HPPR hosts & contributors
Prairie Ramblings Episode
Fri January 18, 2013
Skilled technicians with the right equipment create concert and video light shows that dazzle viewers. An important component of such expertise is that anyone, anywhere can ooh and aah at color and light shifting like a living kaleidoscope. Kansans don’t have to wait for light shows to come to town. They only have to look west each evening to enjoy award-winning productions the setting sun and our clear atmosphere create daily.
My grandfather, a lifelong western Kansan, first introduced me to Kansas sunsets when I was just a baby. I’m not certain who acquainted him with shades of gold shifting to deep purple, lavender, rose, orange, and magenta, but he was an certified enthusiast, an addiction he loved to share with friends and family. Once he acquired a camera, he photographed thousands of these moments that he turned into slide shows to entertain visiting grandchildren.
As our family car headed home to Kansas each summer, I sat in the back seat, thinking about Grandpa’s incredible pictures. To pass time, I imagined looking through his little frames that captured rose fingers piercing dusk’s lavender or bright yellow rays fanning across a backdrop of deep red-orange. Watching the sun drop over eastern Arizona and western New Mexico was a prelude to moments I would soon enjoy by my grandpa’s side. I looked forward to helping him arrange those tiny photos in the carousel projector and listening to the click, drop of each slide as the show progressed. I knew I could ask him to play his entire repertoire repeatedly, and he’d do it with a smile.
During my visits, he invited me to help him capture a few sunset shots. I don’t know if my cousins liked joining Grandpa to watch that golden orb drop into the western horizon, but I loved those flashes of time more than I loved watching his before bedtime presentations. I loved riding shotgun as we head west on dusty roads. Sometimes he’d let me steady the steering wheel while we searched for the perfect location for that evening’s shoot. However, he always snapped the pictures.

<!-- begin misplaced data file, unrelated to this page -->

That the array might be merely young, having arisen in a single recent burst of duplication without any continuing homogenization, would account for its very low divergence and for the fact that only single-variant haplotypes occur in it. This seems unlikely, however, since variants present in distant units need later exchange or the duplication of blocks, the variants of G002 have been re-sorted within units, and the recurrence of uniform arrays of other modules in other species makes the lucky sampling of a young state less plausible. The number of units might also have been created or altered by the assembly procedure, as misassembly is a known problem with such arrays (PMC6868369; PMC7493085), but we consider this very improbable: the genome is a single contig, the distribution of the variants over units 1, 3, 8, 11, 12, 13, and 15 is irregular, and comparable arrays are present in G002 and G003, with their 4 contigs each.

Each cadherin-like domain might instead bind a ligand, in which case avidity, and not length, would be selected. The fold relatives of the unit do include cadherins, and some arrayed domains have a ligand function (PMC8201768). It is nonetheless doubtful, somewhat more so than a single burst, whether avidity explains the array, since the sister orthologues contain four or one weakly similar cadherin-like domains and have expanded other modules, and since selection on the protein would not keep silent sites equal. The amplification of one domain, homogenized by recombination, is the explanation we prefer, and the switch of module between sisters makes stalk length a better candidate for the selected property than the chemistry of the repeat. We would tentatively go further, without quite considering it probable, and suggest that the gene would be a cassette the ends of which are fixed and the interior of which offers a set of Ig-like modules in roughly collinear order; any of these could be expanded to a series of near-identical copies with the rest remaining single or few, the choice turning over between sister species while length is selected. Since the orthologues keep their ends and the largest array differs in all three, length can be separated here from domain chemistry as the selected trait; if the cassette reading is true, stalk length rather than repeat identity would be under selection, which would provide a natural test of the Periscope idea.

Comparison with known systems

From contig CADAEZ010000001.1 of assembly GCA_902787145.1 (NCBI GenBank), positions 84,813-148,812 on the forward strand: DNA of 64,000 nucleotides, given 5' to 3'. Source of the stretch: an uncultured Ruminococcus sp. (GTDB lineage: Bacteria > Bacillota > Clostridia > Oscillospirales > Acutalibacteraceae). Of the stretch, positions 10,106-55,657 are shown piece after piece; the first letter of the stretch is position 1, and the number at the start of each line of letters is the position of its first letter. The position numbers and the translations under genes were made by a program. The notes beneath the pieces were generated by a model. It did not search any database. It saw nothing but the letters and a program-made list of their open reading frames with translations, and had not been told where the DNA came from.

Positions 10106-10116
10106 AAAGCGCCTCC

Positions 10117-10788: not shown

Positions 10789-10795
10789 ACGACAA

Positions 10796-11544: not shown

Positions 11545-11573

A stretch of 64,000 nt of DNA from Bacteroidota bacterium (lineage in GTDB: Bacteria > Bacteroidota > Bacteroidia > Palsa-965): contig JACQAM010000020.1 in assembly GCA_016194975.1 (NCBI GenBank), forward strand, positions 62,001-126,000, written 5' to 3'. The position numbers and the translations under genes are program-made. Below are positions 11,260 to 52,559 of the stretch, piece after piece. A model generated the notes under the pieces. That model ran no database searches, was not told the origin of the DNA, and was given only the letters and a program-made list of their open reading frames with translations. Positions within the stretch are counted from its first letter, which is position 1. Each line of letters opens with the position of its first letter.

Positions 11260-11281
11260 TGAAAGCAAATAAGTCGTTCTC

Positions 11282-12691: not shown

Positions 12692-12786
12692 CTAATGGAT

What I have learned since is that Kansas’s pure atmosphere contributes to these remarkable sunsets my grandfather captured over decades. Light reflects best in an unadulterated atmosphere, which explains why Kansas produces so many prime opportunities for photographers and painters. Our state doesn’t generate much smog, and frequent winds clear that out regularly. I don’t know if Grandpa Cliff knew the scientific details about this lucky combination, but his heart understood how blessed he was to live in this place.
My family lived and traveled all over the West, so I saw that golden wafer sink behind dozens of landscapes, including oceans, saguaro-filled deserts, and towering mountains. At every one of those last moments of light I felt awe, but not with the same intensity as when I watched a Kansas sunset drop alongside my grandpa. My mother’s father instilled not only a love of changing hues at dusk but also an appreciation for place.
What I learned from that granddad’s slides and time spent with him on his adventures was to value something many take for granted. As I look west at dusk, I cherish not only the unique beauty of every sunset but also the memory of a man who passed on his love of western Kansas evenings to me.